In this computer lab at Bowie State University sits the future of tech. Coding is second-nature for these computer science majors.
"It's very stimulating mentally," said Mene Bagudu, a computer science student at the Maryland university.
The tech industry can be difficult to break into, and internships are highly competitive. It is something Rose Shumba noticed several years ago, when she became chairperson of the computer science department at Bowie State.
"When I came in, it was a big challenge for the students to be placed," Shumba said.
So, she and the faculty decided to do something about it.
They created their own program by reaching out to tech companies directly and creating a pipeline designed to get students at this Historically Black College and University into coveted internships.
"We put together this plan of reaching out to the industry to ensure that we have established partnerships," Shumba said.
Big names in the industry stepped up.
"I obtained the internship with Maryland Innovation Security Institute, which is pretty much just a partnership with U.S. Cyber Command," said computer science major Lloyd Bolodeoku. "And, currently, I'm also doing an internship with Adobe."
Roxan Rockefeller also landed an internship.
"I am going to be working with Eli Lilly, which is a pharmaceutical company, as a data science intern," she said.
Women account for just 25% of the tech workforce, despite making up more than half of the U.S. population.
In tech, African Americans make up 9% and Hispanics make up 7% of employees — all lower than their percentages of the population, at 13% and 19%, respectively.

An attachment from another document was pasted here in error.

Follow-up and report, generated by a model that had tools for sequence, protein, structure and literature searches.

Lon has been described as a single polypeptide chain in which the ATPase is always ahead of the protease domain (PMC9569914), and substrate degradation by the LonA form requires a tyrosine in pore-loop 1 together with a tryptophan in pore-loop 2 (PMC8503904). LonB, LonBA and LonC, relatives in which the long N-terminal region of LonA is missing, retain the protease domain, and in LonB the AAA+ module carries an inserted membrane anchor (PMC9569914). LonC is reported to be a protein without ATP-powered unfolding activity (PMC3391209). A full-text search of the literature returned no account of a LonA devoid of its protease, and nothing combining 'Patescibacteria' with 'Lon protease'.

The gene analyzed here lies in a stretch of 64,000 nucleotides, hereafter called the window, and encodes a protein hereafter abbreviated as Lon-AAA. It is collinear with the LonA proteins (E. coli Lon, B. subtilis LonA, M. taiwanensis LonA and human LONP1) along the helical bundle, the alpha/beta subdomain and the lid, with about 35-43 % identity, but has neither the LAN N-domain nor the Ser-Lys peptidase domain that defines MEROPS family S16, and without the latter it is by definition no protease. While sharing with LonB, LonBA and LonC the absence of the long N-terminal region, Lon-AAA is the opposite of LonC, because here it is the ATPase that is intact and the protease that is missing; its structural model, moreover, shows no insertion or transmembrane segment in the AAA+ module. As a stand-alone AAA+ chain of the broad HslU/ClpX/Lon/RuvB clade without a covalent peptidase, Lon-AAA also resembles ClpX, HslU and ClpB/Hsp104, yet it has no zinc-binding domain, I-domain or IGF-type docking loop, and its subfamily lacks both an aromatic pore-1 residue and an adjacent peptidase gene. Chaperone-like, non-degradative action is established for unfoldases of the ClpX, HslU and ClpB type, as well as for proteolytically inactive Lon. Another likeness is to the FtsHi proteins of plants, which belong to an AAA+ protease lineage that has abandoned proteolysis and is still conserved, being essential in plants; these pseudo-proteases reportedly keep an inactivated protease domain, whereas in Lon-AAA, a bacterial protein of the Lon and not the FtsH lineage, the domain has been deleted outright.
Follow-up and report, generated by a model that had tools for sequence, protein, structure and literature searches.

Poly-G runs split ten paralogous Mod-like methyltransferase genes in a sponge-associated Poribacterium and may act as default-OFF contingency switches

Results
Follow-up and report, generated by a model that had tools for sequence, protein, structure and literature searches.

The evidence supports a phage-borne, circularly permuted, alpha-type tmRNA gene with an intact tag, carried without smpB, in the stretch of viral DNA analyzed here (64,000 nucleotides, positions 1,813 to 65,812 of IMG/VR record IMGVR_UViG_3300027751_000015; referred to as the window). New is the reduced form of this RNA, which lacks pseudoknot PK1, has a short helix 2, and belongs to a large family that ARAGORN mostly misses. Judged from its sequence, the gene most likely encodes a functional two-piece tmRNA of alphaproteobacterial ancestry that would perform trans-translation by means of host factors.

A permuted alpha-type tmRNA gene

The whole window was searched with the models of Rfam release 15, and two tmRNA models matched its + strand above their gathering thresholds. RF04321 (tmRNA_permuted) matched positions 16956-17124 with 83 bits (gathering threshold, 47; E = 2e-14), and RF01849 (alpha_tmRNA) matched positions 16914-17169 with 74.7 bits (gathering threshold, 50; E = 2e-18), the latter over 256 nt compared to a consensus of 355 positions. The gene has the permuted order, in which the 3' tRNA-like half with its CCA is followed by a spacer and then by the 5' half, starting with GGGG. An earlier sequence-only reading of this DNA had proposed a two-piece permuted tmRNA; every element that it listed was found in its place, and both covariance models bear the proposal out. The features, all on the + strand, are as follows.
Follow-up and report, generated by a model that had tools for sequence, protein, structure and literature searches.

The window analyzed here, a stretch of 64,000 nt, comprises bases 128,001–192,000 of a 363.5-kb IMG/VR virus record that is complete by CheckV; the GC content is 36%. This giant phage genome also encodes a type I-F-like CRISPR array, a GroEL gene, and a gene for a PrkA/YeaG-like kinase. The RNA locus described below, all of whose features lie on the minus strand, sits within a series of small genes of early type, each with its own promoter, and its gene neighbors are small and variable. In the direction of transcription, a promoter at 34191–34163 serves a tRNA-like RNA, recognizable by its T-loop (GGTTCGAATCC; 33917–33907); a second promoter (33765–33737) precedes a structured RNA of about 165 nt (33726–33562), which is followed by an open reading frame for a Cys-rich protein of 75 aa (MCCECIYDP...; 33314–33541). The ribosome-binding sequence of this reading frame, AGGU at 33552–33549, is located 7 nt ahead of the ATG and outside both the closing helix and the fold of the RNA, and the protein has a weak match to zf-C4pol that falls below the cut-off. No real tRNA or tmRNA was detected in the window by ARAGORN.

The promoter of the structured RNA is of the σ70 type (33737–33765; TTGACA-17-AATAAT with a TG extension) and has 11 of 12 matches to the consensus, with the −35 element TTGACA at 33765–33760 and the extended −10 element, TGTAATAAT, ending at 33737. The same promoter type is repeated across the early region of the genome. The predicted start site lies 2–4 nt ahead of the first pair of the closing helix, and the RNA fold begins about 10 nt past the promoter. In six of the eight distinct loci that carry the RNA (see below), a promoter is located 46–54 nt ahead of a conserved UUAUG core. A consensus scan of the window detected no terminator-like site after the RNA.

It's something these students see firsthand.
"A lot of the tech companies that I've worked at — I'll notice that when it does come to the tech portion, the women are lacking," said Dejai Brown, a computer science student. "And then, also, people of color are lacking as a whole."
That diversity gap could impact algorithms and how technology is programmed — something researchers call machine learning bias — which is built-in by humans.
"That's one of the ways in which we can address this bias that is there and it's there in the algorithms that we have," Shumba said. "So, having diversity, and making sure the systems are tested using the diverse populations that we have, makes a big difference."
That is why the internship program is seen as an important part of the solution. It is a responsibility the students at Bowie State take seriously.
"You're kind of like the bridge for other people, like myself, to actually come into the room and diversify it," said student Mene Bagudu. "So, you're expected to perform well above the standard — but I really like and enjoy that challenge."
It is a challenge they plan to take full advantage of through their internships.
"Opportunities can only do so much for you," Rockefeller said. "It is up to you to also prepare on your end and put yourself out there for companies to recognize that talent and say, 'We want you to be a part of our team.'"
It is valuable preparation for a future tech workforce.
"Like the saying, you know — 'backpack to briefcase,'" Bolodeoku said. "I've been able to experience that while I'm in school."
Trending stories at Scrippsnews.com